U.S. troops become cops on world's worst beat

October 01, 1994|By Bill Glauber | Bill Glauber,Sun Staff Correspondent

PORT-AU-PRINCE, Haiti -- Yesterday's violent clashes on the streets of Port-au-Prince -- coming a day after a half-dozen Haitians were killed and scores wounded in a grenade attack -- once again showed just how dangerous and fluid a situation U.S. soldiers have entered.

They are now cops on the world's most dangerous beat. But as yesterday's violence demonstrated, they're not supposed to get involved.

"The crowd says they love us, but there are people out there tossing grenades," said Spc. 4 Paul King, 27, of Fayetteville, Ark.

"I don't think anyone knows who the enemy is," said Pvt. 1st Class Pete Calvert, 23, of Barstow, Calif.

The attacks provided a wake-up call for what was expected to be a tough, potentially dangerous weekend for the U.S. military -- and for Haiti.

Tens of thousands of civilians gathered downtown yesterday on the third anniversary of the military coup that ousted Haitian President Jean-Bertrand Aristide. A peaceful march ended with five dead and 14 wounded after Aristide supporters clashed with remnants of the Haiti's paramilitary.

Even more significant, U.S. troops stood by on a perimeter, ceding the inner part of the city to Haitian police and military.

"I can't tell you how frustrating this is," said one U.S. Army sergeant, declining to give his name. "We want to do something. But we are following orders."

Those orders have outraged many Haitians who looked upon the Americans as their protectors.

"The American Army is nothing," said Jackson Joseph, 18. "What are they doing? Why don't they take the guns away?"

U.S. soldiers have been told to expect even more disturbances today and tomorrow.

"You've been to a football game where you've got people cheering for their favorite teams," said Navy Petty Officer 1st Class Renald Grand-Pierre, a Haitian native and translator. "Someone wins, someone loses.

"Well, here the winner is Aristide and the loser is Cedras. And the fans are still here. Hopefully, the crowd that turns out will be one, together."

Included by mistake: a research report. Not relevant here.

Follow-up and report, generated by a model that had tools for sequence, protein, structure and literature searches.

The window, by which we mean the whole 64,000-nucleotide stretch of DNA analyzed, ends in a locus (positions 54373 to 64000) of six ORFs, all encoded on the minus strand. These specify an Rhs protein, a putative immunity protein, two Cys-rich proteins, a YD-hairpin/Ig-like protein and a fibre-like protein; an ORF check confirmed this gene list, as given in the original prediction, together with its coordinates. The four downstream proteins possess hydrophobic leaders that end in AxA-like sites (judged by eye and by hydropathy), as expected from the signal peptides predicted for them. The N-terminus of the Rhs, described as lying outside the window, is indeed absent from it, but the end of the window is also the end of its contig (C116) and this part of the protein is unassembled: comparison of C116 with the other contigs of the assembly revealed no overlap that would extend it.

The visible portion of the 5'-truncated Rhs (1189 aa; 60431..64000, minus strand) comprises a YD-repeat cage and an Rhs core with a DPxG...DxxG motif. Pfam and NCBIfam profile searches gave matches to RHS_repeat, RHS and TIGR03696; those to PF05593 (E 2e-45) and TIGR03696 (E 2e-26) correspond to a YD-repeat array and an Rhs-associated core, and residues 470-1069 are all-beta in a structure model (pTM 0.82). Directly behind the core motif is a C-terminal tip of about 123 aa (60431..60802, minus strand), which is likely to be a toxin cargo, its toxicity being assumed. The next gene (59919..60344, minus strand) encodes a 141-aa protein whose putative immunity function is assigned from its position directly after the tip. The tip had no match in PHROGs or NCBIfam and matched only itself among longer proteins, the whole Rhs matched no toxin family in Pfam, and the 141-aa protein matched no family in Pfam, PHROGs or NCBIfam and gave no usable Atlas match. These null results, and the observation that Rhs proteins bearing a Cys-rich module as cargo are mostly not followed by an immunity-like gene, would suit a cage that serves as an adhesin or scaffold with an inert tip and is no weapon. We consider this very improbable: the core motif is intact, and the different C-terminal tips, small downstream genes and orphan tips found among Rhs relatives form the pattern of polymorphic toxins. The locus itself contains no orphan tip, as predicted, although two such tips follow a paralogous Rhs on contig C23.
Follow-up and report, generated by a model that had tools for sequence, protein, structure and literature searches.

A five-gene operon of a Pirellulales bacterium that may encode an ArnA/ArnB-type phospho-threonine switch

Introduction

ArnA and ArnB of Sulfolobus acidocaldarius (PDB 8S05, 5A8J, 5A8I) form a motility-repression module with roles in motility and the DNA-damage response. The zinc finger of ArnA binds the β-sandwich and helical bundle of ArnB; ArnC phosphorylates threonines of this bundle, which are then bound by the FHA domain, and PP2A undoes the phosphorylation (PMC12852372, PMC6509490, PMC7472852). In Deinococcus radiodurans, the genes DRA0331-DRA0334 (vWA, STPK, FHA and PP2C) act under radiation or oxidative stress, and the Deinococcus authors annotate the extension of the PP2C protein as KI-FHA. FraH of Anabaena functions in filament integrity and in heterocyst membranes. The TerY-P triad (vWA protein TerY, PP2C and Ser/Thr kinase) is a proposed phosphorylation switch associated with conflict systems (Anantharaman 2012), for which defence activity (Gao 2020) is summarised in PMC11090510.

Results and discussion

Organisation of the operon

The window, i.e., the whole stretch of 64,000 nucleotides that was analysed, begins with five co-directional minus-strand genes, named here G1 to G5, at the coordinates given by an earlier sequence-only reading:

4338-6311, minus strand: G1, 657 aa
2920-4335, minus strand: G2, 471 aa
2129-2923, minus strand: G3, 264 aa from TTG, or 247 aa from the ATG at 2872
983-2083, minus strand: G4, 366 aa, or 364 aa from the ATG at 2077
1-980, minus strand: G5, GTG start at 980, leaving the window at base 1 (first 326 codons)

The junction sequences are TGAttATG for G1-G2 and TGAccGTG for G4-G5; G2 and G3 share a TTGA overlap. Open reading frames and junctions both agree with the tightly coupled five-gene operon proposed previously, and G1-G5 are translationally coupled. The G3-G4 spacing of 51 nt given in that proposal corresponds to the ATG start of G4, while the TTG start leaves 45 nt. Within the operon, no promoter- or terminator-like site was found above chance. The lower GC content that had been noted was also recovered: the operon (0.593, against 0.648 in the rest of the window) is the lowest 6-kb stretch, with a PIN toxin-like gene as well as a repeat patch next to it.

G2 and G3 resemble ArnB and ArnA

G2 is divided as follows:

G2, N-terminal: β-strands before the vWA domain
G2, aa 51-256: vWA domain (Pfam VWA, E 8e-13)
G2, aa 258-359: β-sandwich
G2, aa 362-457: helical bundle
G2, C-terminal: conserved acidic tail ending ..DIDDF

Petty Officer Grand-Pierre said U.S. soldiers have to read the crowds with wary detachment, ignoring the cheers and inquisitive stares. "You have to try and keep peace and keep the crowds calm,"he said. "They tend to lose control. You've got to be tactful -- and you've got to understand things."

Rule No. 1 is this: Word of mouth is a potent force, the information highway in a society that has gone without much electricity for years. As yesterday's attacks unfolded, tens of thousands fled on foot, creating a wave of panic that swept through the city.

"The crowd knows what is going on," Petty Officer Grand-Pierre said. "The crowd may be happy, may be festive. But you have to stay alert. There may be a guy out there with a weapon who can change things around in an instant."

From the beginning, Operation Restore Democracy has been fluid. An invasion by force was canceled just hours before the first soldiers were to hit shore. A day later, U.S. troops entered Haiti without firing a shot.

Haitian police and military were first set up as potential enemies of U.S. forces. And now they are allies, even manning some facilities side-by-side with their U.S. counterparts.

But when the Haitian security forces went on patrol yesterday, civilians fled in fright.

"You've got to be very cautious in this situation," said Army Staff Sgt. Marvin Williams, 31, of New York. "Certain elements out there will try to disrupt events. There could be other opportunities for people to escalate the situation. And, I guess, we'll be the perfect targets."

It's enough to confound the most experienced of soldiers.

"This is looking an awful lot like police work," said Staff Sgt. Greg Gagnon, a former New Orleans police officer-turned-Army MP.

The rules of engagement have been modified throughout the operation. On the second day of the occupation, U.S. Army personnel watched helplessly as a Haitian was beaten to death near the city's main dock. But a few days later, U.S. Marines in Cap-Haitien took no chances, killing 10 Haitian security personnel after reportedly being confronted.

"The rules have changed three times since I've been here," said Specialist King, who has been on patrols for a week. "It's difficult to draw the line on when to use the amount of force necessary.

Specialist King and Private Calvert were standing behind barbed wire at the front entry to the U.S. Embassy. The sun was still hot and high in the sky, but the men tightened their sweat-soaked flak vests.

"A day like this makes me glad to have this vest," Specialist King said. "Before all this happened, I wish I could have taken the stuff off. But not now. I'm keeping this on."

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